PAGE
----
In both these images - His weeping on Palm Sunday, His sad warning to the women to weep for themselves and for their children, the Lord is preparing us to fight for what we believe. How does He prepare us? By assuring us, not only of the trials to come, but of the certainty of victory now that He has revealed His might. There is such wonder, such hope for eternal happiness in the true Christian religion. Yet no worthwhile love will ever be ours to keep until it has faced its challenges. There must be a time of weeping: our merciful Lord weeping over our struggles and giving us strength from mercy; our dreams and hopes weeping when we fear they are lost. Through the trial we express our commitment to our dreams, and He delivers us.
Less than twenty four hours before His arrest the Lord spoke again about weeping. At the Last Supper He said, "Most truly I say to you that you will weep and lament, but the world will rejoice." But He did not stop there. "And you will be sorrowful, but your sorrow will be turned into joy. A woman, when she is in labor, has sorrow because her hour has come; but as soon as she has given birth to the child, she no longer remembers the anguish, for joy that a human being has been born into the world. Therefore you now have sorrow; but I will see you again and your heart will rejoice, and your joy no one will take from you."
When He was crucified and rose again, they must have thought that now His words were fulfilled. Now they had found the joy which no one could take from them. Perhaps when they suffered at the hands of persecutors and found joy among fellow-Christians they thought the same. And finally, when they had fought their private battles, and from His power overcome the enemy within, they knew what He really meant.
"Jesus wept over the city." "Weep for yourselves and for your children." Our love of the truth will be threatened and with it our hope for true faith and true charity. It was to that end that He came into the world and rode in triumph and drank of the cup of rejection and apparent death - to be able to turn our sorrow into joy. Therefore He could also say, "In the world you will have tribulation; but be of good cheer, I have overcome the world." Amen.
Apocalypse Explained #31
31. Verse 6. And hath made us kings and priests, signifies that from Him we are in His spiritual and celestial kingdom. This is evident from the signification of "kings," as meaning those who are in truths from good; and since they constitute the Lord's spiritual kingdom, as meaning those who are in His spiritual kingdom. That these are signified by "kings" in the Word, will appear from what follows. The above is evident also from the signification of "priests," as meaning those who are in the good of love; and since these constitute the Lord's celestial kingdom, they also are those who are in His celestial kingdom. (That there are two kingdoms, into which the heavens are in general divided, see in the work on Heaven and Hell 20-28, and that the spiritual kingdom is called the Lord's regal kingdom, and the celestial kingdom His priestly kingdom, n. 24.) In any places in the prophetic Word, kings are mentioned, and he that is ignorant of the internal sense believes that by "kings" are there meant kings; kings, however, are not meant, but all those who are in truths from good, or in faith from charity, from the Lord. The reason of this is, that the Lord is the sole king, and those who from Him are in truths from good are called His "sons;" for this reason the same are meant by "princes," by "sons of the kingdom," by "sons of kings," and also by "kings;" and in a sense abstracted from the idea of persons, as it is in heaven, truths from good are meant, or, what is the same, faith from charity; since truth is of faith, and good is of charity.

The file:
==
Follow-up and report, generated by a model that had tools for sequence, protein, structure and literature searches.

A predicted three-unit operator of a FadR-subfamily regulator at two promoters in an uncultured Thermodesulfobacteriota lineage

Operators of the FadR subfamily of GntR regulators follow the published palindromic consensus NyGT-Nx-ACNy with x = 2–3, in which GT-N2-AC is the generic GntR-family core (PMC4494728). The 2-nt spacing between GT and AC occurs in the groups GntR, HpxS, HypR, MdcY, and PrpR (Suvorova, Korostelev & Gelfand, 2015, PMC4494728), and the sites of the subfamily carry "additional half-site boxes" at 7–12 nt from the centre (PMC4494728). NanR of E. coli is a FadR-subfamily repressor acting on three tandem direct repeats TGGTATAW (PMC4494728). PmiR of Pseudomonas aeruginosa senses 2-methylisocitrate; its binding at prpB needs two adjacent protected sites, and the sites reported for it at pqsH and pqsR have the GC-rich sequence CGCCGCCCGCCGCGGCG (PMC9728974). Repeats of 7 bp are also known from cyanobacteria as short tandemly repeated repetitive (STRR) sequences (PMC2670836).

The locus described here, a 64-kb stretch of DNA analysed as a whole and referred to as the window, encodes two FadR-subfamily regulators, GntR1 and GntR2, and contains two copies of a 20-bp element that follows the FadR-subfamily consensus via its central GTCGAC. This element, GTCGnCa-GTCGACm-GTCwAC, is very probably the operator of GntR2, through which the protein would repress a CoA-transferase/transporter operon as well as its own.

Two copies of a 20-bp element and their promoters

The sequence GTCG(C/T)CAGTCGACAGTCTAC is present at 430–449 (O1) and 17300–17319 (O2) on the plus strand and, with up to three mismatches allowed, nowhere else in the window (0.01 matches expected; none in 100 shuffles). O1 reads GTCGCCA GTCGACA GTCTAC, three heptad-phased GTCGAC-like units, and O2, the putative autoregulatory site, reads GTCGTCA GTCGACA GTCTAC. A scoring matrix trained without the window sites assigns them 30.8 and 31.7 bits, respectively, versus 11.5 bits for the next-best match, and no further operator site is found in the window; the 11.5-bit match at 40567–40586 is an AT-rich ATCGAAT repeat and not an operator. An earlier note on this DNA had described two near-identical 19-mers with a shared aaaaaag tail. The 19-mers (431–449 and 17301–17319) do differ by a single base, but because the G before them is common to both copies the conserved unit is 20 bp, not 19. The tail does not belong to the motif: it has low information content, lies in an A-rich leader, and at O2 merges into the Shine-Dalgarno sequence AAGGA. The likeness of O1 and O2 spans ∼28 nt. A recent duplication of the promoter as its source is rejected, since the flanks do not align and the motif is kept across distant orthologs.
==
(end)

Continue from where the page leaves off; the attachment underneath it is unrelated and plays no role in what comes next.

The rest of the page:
(References: Revelation 1:6)
 That kings are not meant can be seen simply from its here being said that Jesus Christ "hath made us kings and priests"; and afterwards:
And hast made us to be unto our God kings and priests, and we shall reign upon the earth (Revelation 5:10);
and in Matthew:
The good seed sown in the field are the sons of the kingdom (Matthew 13:38);
the "seed of the field" are truths from good with man from the Lord (Arcana Coelestia 3373, 10248, 10249). Everyone, moreover, may perceive that the Lord will not make all those here treated of to be kings, but that he calls them kings from the power and the glory which those have who from the Lord are in truths from good. From this it can now be seen that by "king," in the prophetic Word, is meant the Lord as to Divine truth, and by "kings" and "princes," those who from the Lord are in truths from good, and as most things in the Word have also an opposite sense, that "kings" signify in that sense those who are in falsities from evil.